Over the course of its first few episodes, The Grinder has been trying to find its voice, balancing the crazy world of Dean Sanderson, delusional actor with more traditional sitcom storylines. This week, with “Little Mitchard No More,” the show made the decision to basically bifurcate these two visions of itself into separate storylines. On one hand, we had Dean in his weird little world, where everything should function like his TV show did. On the other hand, we have the rest of the family dealing with the real world implications of being related to a famous actor. Fortunately, this balancing act works quite well.
Over in Dean’s world, he’s still going after Natalie Morales’ Claire. She is, in his mind, his office love interest. They are destined to meet cute, destined to have witty repartee and a will they/won’t they thing. To drive his point home, Dean shows Claire the big scene from his show wherein The Grinder and his love interest finally made sweet love. It seems like it’s supposed function as a how-to video, but Claire remains completely disinterested, which Dean seems to feel is all part of the game.
He goes to great lengths to try and woo her. He shows her how humble he is by letting her overhear his big donation to the Church for the Blind. All Claire wants is for him to do some actual grunt work—which he does at episode’s end, only after an all-night session of whiteboard-writing and Chinese food-throwing. Dean is still The Grinder, even though he no longer exits in the world of television, and it’s delightful to witness. When he finally does the boring work that Claire wanted him to do, he finds something that proves their client is innocent. At this point, Dean naturally assumes it’s time to sweep everything off Claire’s desk so they can make love. They do not. Will they? Won’t they? Dean sure wants to know.
Additionally, Todd is dealing with his own TV character-like problems. You see, Claire represents a “new character” in their lives, and what happens when a new character shows up? Old characters are phased out. So, Todd is worried that this is what’s happening to him, and he’s not wrong to do so. Claire already has his old office. It was the kind of great meta story arc that would have made Dan Harmon proud.
Over in the real world—the world where Dean isn’t The Grinder—but former television actor Dean Sanderson, Stewart and his family are dealing with having a huge TV star living with them in Boise, Idaho, a place that doesn’t see a lot of TV stars. Stewart is accustomed to it, but the rest of the family find it shaking up their lives. The kids are taking advantage of it—Lizzie got on the basketball team by promising that Dean would show up to games, even though she is horrible at basketball. The son is going to the prom with a senior. (Lizzie is mentioned by name, because the scene where she gets in the basketball game when Dean shows up is very funny, and the actress did a great job of playing basketball terribly. The other kid can get his name mentioned when he steps up his game and does something that memorable.)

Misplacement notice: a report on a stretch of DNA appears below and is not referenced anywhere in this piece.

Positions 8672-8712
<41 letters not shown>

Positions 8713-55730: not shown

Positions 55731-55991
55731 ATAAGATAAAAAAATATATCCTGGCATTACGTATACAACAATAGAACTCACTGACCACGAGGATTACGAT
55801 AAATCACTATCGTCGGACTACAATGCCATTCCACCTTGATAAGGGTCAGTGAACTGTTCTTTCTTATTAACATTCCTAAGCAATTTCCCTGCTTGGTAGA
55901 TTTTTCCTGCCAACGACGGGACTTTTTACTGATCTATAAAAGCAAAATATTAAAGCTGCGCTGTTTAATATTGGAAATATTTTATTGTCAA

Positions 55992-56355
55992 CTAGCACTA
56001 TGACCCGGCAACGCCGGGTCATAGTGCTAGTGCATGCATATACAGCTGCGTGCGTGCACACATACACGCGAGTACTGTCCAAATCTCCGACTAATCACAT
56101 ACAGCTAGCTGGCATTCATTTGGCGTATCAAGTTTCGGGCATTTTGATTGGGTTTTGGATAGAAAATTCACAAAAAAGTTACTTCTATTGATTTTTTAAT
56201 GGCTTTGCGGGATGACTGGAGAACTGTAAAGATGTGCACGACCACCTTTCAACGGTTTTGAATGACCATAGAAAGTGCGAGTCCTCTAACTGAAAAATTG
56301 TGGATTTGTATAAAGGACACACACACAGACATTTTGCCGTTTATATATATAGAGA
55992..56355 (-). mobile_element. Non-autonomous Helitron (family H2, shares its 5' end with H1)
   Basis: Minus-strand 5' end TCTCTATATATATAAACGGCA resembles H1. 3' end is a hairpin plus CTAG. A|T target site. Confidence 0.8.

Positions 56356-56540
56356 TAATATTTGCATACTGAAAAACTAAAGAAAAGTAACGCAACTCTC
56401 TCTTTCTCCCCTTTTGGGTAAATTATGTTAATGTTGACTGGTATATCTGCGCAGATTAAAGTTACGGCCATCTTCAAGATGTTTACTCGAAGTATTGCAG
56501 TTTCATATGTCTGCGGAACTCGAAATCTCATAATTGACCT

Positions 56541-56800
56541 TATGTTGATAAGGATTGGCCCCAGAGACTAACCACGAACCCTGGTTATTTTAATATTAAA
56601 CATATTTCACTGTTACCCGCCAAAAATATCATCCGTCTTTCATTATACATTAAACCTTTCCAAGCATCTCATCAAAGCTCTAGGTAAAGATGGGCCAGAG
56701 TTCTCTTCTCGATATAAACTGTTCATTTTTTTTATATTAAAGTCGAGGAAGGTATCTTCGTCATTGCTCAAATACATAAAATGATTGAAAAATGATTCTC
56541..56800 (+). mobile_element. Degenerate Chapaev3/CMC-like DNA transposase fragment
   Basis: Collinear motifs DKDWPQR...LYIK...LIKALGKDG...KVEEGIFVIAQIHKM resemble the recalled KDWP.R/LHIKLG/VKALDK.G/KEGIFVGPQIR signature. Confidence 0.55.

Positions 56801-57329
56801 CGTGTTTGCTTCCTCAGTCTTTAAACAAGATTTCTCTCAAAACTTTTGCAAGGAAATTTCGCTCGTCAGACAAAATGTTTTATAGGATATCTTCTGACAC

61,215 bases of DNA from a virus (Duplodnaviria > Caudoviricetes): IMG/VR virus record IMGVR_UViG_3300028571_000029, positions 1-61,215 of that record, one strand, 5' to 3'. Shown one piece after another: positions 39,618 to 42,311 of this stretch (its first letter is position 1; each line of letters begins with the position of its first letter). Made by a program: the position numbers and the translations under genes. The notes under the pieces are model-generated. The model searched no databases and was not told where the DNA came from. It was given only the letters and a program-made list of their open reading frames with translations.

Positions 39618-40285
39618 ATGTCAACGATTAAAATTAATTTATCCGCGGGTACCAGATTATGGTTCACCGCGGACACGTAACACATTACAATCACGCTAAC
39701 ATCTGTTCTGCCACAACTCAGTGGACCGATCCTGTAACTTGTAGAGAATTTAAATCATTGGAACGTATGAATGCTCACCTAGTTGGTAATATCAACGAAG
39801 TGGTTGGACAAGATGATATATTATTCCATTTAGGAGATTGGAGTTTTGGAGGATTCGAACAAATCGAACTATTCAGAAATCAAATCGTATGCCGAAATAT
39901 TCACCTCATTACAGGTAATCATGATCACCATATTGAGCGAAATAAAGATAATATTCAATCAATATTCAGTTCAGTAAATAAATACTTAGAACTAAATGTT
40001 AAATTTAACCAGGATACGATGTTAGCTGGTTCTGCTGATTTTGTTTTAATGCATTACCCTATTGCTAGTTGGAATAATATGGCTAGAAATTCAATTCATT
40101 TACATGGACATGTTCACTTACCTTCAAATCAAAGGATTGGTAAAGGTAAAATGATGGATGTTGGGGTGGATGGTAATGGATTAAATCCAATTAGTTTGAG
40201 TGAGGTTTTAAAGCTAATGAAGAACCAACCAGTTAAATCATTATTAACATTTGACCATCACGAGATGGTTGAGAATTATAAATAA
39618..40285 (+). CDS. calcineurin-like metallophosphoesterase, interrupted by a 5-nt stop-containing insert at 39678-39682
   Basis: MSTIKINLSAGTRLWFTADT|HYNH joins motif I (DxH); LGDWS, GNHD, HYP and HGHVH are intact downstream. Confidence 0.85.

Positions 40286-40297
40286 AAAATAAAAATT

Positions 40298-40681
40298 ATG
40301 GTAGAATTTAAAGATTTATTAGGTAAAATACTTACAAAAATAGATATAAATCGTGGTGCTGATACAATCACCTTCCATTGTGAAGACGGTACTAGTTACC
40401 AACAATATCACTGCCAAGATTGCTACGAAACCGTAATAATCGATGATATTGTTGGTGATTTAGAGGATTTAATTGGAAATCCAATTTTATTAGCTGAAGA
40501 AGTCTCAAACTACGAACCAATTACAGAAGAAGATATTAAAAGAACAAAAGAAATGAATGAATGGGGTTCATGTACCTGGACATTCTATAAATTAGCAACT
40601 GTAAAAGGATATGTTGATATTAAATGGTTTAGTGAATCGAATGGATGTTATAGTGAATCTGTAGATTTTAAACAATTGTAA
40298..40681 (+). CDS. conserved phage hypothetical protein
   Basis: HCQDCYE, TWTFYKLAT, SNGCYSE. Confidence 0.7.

That’s all kid’s stuff, though. Stewart and Debbie are in the world of conniving adults—adults played by Nat Faxon and some other lady who befriends Stewart and Deb because they want a connection to The Grinder. Deb wants to believe that these two actually like them, and actually want to have dinner with them, but Stewart is skeptical. He is proven right, although not without some awkwardness along the way, and the other couple never really drop the pretense. Remember that episode of Seinfeld where Todd Gack keeps figuring out ways to have dates with Elaine, without having to actually ask her out on a date? It was like that, but nobody was bowled over with a bag full of change.
To this point, Dean being Dean was always the highlight of any The Grinder episode. This week, though… well it was still the highlight, but the other stuff was almost as strong, and had plenty of humor as well. Fred Savage is doing good things as Stewart, even if he doesn’t get to be as nuts as Rob Lowe. The ramifications of having a ridiculous and ridiculously famous person in your midst can provide plenty of comedy fodder outside the realm of Dean trying to be a lawyer like he was on TV. This episode proved this show can do it well.
Perhaps this will be the future track that The Grinder takes. They will try and have their cake and eat it, too. They can comment on TV and law shows and have Dean be goofy and over the top, but they can also just have sitcom stuff going on with a character who is an out of touch actor. It worked really well in “Little Mitchard No More.” Can they find that balance as well in future episodes? The question is, it would seem, will they, or won’t they?
Chris Morgan is not the author of THE book on Mystery Science Theater 3000, but he is the author of A book on Mystery Science Theater 3000. He’s also on Twitter.